Q&A with Liv Warden, Writer of Anomaly at the Old Red Lion Theatre: ‘It is so timely, almost uncomfortably so, and that has given me a hugely difficult but rewarding challenge’

Over a year from when the events surrounding #MeToo first broke, Liv Warden’s new play Anomaly traces the impact and furor on the family. Anthony Walker-Cook exchanged questions with Warden to understand more about this new play soon playing at the Old Red Lion Theatre.

AWC People tend to remember what they were doing when 9/11 happened or the death of Michael Jackson – could you relate some of your initial responses when the news about Harvey Weinstein broke? 
LW I remember finding the audio of the NYPD sting on my Twitter feed. After I listened to that one minute and forty-five seconds I felt a burning rage inside me that turned to total fascination. I threw myself into research about this man – countless documentaries, Oscar speeches, industry anecdotes, details about his family, his young wife, his parents and his legacy. The few months following I found that my play finally had its purpose and its antagonist – Phillip Preston. 

It’s a year on since the Weinstein scandal broke, what more needs to be done within the arts industry to ensure it never happens again?
We all need to be held to a higher standard. With every movement like MeToo or Time’s Up, there will be a huge swing back. There is no point dividing ourselves by saying ‘it’s not all men, you know’ or ‘surely these women knew, why didn’t they say anything?’ It’s derivative and harms the cause we are all striving for – a level playing field. Harvey Weinstein is the third – only after Steven Spielberg and God – most thanked person in Oscar speeches. We have a huge responsibility to make sure a person like that never acquires such influence ever again. 

Obviously, the events before Anomaly are clear, but what brought you to write on the topic? 
I didn’t start out writing Anomaly as a comment on anything in particular. All I had in the summer of last year was a play about a women’s problematic relationship with her father, but after the Weinstein story broke everything seemed to click into place. I remember Adam, my director, saying to me that this is a play that needed to be seen NOW. It is so timely, almost uncomfortably so, and that has given me a hugely difficult but rewarding challenge as a playwright.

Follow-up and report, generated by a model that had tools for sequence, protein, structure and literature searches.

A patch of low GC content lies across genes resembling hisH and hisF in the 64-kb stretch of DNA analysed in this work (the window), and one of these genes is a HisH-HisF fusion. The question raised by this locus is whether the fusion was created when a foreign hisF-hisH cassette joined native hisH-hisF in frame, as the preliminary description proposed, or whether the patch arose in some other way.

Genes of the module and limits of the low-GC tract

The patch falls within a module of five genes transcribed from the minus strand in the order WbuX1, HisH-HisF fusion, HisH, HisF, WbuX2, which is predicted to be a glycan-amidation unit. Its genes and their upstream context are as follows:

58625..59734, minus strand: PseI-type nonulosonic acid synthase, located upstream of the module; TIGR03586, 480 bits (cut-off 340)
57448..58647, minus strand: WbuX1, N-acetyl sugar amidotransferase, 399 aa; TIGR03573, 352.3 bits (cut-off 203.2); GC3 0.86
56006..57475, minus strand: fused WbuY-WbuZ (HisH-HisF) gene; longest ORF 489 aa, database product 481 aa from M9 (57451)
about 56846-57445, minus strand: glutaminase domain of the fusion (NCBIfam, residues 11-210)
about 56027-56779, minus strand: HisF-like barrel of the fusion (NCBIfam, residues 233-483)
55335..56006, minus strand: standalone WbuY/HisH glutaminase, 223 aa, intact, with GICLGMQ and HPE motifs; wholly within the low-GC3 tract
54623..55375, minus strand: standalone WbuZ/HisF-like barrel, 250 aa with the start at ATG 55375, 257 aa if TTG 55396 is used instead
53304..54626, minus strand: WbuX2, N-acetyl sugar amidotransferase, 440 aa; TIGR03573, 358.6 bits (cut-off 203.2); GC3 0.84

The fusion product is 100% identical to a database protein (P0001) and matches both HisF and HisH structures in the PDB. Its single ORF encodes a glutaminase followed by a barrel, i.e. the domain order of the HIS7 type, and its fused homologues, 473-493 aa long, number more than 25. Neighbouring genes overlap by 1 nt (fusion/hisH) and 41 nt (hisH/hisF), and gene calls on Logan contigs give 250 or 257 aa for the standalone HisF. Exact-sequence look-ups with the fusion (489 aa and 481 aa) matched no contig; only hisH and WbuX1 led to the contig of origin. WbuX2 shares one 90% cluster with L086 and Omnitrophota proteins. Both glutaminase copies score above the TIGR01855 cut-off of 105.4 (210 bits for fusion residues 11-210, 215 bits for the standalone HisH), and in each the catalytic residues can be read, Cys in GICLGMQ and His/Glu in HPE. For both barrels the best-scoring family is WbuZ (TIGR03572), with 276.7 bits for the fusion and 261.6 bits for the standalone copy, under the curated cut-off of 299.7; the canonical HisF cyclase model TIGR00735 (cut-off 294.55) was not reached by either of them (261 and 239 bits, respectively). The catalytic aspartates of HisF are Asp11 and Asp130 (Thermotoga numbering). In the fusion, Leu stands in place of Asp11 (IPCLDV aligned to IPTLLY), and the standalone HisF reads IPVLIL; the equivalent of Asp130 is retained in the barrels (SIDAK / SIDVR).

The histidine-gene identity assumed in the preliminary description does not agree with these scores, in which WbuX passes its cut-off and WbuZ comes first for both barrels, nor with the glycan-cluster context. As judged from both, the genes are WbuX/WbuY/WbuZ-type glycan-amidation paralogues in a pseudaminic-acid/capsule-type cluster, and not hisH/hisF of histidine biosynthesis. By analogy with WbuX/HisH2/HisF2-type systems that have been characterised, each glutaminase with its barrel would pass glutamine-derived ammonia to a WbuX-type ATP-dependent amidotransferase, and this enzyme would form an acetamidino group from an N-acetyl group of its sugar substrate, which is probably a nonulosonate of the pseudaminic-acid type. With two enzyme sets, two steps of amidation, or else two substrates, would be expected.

Why did you decide to focus Anomaly around the family?
Because it’s a side of the story we never hear. When the media frenzy has long gone, what is left in its wake? Fractured families, broken trust, putting things back together after years have gone by. Children are left with their parent’s inherited pain, which can last generations – all due to the actions of one person. But Anomaly is the direct response to a family trauma – we see the explosion happening and the immediate consequences of that. 

Could you speak more about this play being a ‘war cry for the women who have been left to pick up the pieces’?
With every disgraced man on the front page of the newspaper, there are always a number of women that are affected. Like that famous photo at the Brett Kavanaugh case – his wife, daughters, mother, friends, colleagues, all these faces with gritted teeth behind him at his trial for sexual misconduct that they had no part in. There is something about women dealing with destruction that is so guttural. We all cry at that Emma Thompson scene in Love Actually because she is all of our mothers at once. Pushing it down and moving on. That is at the epicentre of this play. 

To quote from the Anomaly press release, what are the good and bad things about ‘our Kardashian soaked culture of sensationalism’ and do you think it will ever go too far?
It is all too easy to get sucked into the contrived world of reality television and the version of reality they are willing to show us. It is all about the very fine line between reality and entertainment. The Kardashians are masters of PR, and we watch a lot of their interviews in our rehearsals to understand what it truly takes to put on such a front to the general public. I didn’t fully realise what people in the spotlight have to battle against to get some element of privacy – looking down at an uncomfortable question can be read in a million different ways. But when things go wrong, what happens then? It seems like our society has this overwhelming obsession with downfall; we long to pick at the bones of the people we feel owe us something. 

Could you comment on the actors you are working with in the show and what they have brought to your script?